An insurer has been told it must pay to fix some of the defective work on a Canberra home left by a collapsed building company.
Suman Das and Kakoly Dutta owned land in Franklin, and had building company 4th Dimension erect a home on the Oodgeroo Avenue property in 2009.
The work was finished in 2010 and the pair signed a certificate of occupancy and use.
But the landowners soon issued the builder with notices to fix 25 defects.
The problems included cracked paving in the patio and a bedroom wall, poor paint work on doors, no handrail on the internal staircase, incorrect wiring on phone and data points, poor plumbing and sewerage draining, missing rendered walls at the front, and warped and stained timber flooring, caused by leaks in the kitchen and ensuite.
The builder fixed some of the problems later that year, but the pair were forced to lodge complaints with the Office of Fair Trading and the Master Builders Association for others.
Those complaints did not result in the remaining defects being fixed, nor did a final notice sent to 4th Dimension.
In November 2011, the builder went into administration.
That prompted the pair to make a claim to the Master Builders Fidelity Fund, which issues warranty insurance certificates to builders to provide consumer protection for homeowners.
The fund conceded it was liable for some of 4th Dimension's defects, but denied other parts of their claim, saying some items of work being demanded were not required by the building code of Australia or the approved plans.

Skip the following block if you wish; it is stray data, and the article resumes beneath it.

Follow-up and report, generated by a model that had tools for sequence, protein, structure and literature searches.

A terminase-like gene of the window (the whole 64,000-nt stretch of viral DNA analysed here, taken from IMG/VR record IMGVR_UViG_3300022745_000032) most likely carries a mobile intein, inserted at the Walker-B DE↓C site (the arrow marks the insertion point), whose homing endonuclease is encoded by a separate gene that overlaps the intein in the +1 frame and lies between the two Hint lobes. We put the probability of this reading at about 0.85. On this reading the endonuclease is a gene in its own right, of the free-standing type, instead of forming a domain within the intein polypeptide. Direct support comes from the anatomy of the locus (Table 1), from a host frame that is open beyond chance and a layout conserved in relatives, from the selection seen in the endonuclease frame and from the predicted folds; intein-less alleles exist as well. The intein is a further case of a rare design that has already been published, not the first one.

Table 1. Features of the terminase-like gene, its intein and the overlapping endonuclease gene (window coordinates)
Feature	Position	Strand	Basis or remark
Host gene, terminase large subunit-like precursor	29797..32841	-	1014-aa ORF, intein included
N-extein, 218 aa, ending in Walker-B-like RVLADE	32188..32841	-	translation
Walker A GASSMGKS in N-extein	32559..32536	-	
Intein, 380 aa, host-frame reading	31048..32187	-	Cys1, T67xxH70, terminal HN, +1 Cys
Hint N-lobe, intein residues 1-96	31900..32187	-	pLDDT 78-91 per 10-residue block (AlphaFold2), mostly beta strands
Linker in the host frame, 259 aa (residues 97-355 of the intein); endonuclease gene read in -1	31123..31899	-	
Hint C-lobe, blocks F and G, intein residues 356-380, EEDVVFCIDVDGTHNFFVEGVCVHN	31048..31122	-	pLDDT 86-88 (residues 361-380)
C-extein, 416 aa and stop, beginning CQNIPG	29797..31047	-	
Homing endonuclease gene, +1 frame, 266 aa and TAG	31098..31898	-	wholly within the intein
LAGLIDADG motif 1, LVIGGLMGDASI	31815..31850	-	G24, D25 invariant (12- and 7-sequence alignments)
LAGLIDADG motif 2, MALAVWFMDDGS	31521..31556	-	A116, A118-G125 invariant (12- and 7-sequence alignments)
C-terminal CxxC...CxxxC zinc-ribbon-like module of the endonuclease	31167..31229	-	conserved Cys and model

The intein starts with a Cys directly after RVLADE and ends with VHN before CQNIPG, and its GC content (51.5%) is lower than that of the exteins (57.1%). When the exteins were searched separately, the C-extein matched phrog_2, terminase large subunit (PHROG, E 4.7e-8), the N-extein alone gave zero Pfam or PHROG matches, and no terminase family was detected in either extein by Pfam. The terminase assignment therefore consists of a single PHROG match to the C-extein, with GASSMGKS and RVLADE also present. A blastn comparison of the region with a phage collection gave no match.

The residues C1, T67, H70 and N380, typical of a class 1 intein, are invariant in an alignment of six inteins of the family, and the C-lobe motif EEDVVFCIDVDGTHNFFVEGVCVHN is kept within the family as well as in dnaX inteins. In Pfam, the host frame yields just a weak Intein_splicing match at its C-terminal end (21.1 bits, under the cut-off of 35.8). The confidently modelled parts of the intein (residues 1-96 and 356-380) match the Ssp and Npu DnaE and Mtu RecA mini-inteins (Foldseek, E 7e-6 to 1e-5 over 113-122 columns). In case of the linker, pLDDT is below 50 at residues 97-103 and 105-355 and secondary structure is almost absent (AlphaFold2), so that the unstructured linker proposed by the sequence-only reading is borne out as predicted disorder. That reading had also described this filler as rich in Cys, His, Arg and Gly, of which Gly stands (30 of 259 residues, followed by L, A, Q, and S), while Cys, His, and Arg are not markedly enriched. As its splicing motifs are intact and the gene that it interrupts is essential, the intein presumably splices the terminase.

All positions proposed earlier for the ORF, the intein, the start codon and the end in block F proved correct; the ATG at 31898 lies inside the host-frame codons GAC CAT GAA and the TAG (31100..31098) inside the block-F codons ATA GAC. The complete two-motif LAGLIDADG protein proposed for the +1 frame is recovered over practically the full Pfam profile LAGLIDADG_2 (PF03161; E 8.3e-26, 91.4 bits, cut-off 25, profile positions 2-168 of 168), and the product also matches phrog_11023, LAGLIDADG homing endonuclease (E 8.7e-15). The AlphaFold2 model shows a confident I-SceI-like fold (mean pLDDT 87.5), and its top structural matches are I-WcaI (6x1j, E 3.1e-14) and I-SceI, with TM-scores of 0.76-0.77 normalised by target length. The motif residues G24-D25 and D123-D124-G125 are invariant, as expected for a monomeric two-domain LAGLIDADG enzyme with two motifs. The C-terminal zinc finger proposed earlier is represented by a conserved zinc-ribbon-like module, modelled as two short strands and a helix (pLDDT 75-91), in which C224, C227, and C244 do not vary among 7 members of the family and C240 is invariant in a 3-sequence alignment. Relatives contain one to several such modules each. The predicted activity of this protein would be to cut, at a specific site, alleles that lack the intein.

The owners made an application to the ACT Civil and Administrative Tribunal to force the fund to undertake the work or pay compensation.
That included completing the work the builder had failed to do, and rectifying what the pair said was defective work completed by the contractors the fund brought in earlier.
The tribunal published its judgment on Tuesday, ordering the fund to complete some of the work.
That included erecting a canopy over the balcony, rendering walls at the front, building a step-out feature wall, and fixing and replacing a toilet flush button.
But the tribunal said the fund was not liable for other items that were not on the approved plan, including a television recess, a downpipe from the balcony, colorbond cladding, and fixing its earlier efforts to put a textured coating on the outside walls.